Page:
The bells at a famous Birmingham church will ring out once again next year after its repair fund was given an £83,000 boost.
St Edburgha’s Church in Yardley has been silenced amid fears about the safety of its crumbling spire.
But work is now pencilled in to start at the 700-year-old Grade One-listed chapel in spring next year thanks to the grant from English Heritage.
Church leaders still need to find more than £800,000 to rebuild the original tower and repair the roof.
But warden John Seeley said the return of the bells would be music to the ears of worshippers.
“The peal of our bells is one of the finest in the Midlands and it is such a shame that we haven’t heard them for so long,” Mr Seeley added.
“This is fantastic news and we hope to start work early in 2011 so we can use the bells for weddings and church services the following summer.
“That will be the first phase of the work that needs to be done to the church and we will be working hard to raise money to get the whole church sorted for generations to come.”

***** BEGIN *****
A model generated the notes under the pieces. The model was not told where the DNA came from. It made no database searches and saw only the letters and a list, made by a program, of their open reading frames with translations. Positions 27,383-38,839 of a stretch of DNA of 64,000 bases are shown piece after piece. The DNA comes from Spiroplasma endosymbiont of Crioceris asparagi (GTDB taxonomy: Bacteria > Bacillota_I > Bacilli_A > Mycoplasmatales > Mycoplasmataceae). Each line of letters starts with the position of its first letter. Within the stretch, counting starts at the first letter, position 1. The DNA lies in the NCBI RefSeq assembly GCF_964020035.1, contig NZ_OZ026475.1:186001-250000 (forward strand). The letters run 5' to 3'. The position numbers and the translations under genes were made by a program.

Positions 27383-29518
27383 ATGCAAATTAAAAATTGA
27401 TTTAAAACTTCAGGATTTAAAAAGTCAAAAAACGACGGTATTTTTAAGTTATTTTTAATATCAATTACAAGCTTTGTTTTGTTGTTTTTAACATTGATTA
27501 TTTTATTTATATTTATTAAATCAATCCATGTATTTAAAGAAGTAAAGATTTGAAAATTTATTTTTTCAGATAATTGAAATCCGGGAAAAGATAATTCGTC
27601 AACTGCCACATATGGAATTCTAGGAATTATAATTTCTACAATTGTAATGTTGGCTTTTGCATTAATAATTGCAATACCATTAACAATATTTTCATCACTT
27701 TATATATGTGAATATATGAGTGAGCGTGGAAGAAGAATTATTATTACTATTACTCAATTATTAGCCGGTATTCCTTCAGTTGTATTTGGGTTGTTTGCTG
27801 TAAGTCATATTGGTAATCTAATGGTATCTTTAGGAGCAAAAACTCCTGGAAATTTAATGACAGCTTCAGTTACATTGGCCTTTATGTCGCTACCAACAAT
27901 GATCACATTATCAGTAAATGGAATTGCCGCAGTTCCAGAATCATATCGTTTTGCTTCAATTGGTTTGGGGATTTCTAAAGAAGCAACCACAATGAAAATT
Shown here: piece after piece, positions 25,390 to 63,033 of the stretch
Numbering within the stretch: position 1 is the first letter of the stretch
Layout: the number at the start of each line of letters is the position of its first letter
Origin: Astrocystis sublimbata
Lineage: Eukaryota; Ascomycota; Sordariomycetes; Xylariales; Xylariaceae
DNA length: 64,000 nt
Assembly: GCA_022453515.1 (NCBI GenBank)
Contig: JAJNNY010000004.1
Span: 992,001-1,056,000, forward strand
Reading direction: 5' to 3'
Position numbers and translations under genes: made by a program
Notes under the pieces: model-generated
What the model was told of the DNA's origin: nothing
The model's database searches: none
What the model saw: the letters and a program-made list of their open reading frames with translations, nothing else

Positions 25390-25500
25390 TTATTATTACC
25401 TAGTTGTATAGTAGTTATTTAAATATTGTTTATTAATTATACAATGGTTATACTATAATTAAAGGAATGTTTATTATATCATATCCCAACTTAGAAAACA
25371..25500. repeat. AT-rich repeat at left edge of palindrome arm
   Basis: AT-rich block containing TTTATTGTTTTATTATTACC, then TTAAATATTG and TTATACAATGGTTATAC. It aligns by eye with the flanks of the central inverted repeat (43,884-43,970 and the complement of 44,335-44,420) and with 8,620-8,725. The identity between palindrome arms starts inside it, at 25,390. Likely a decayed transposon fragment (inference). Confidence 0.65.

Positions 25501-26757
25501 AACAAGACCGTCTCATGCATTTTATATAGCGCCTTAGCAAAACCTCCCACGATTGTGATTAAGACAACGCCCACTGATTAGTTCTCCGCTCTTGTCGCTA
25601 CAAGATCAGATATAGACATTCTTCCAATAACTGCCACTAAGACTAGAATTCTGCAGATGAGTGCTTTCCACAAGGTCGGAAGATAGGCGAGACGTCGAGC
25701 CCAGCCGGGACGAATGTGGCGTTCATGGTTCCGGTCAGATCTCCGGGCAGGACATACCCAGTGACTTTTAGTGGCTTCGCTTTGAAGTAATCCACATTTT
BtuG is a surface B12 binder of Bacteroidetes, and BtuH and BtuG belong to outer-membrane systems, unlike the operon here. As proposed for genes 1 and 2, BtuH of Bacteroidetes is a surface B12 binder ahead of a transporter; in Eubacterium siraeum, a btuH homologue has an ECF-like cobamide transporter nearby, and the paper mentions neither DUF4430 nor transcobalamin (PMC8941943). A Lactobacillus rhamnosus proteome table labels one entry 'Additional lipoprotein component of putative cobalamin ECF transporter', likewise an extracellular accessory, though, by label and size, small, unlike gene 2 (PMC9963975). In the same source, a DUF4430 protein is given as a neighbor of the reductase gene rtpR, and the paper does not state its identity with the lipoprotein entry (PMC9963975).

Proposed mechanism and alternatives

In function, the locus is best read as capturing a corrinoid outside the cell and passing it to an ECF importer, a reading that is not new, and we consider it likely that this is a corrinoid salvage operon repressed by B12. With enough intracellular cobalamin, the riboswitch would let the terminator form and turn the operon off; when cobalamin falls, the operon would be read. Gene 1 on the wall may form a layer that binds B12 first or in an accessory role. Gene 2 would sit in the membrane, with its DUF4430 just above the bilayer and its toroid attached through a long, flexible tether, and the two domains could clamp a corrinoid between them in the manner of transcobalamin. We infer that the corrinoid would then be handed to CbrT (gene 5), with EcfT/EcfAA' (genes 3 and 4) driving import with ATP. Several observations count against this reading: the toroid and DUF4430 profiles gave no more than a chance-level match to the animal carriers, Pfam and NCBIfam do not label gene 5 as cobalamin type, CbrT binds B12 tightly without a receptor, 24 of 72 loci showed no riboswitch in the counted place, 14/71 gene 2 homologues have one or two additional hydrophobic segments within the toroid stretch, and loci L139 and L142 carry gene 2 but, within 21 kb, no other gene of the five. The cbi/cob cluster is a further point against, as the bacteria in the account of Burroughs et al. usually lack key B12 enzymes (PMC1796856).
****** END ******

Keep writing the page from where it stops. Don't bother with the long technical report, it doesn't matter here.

The church is the second oldest in Birmingham behind St Martin’s in the Bullring and it forms the centrepiece to Old Yardley Conservation Area which was set up to protect the area’s heritage.
But it has fallen victim to the elements.
Parts of the 150ft spire’s stonework are so badly eroded that sunlight can now be seen from the inside.
An appeal was started last year to safeguard the future of the church and the congregation have so far raised a total of £32,000 through events and donations.
More than £1.9 million has been handed out to 28 places of worship in the West Midlands.
Tim Johnston, regional director for English Heritage, said: “Places of worship form a priceless part of our region’s heritage.
“Unfortunately the maintenance of this legacy poses some tough challenges, so these grants are vital in boosting fund raising efforts to ensure we all continue to enjoy these remarkable buildings,” he added.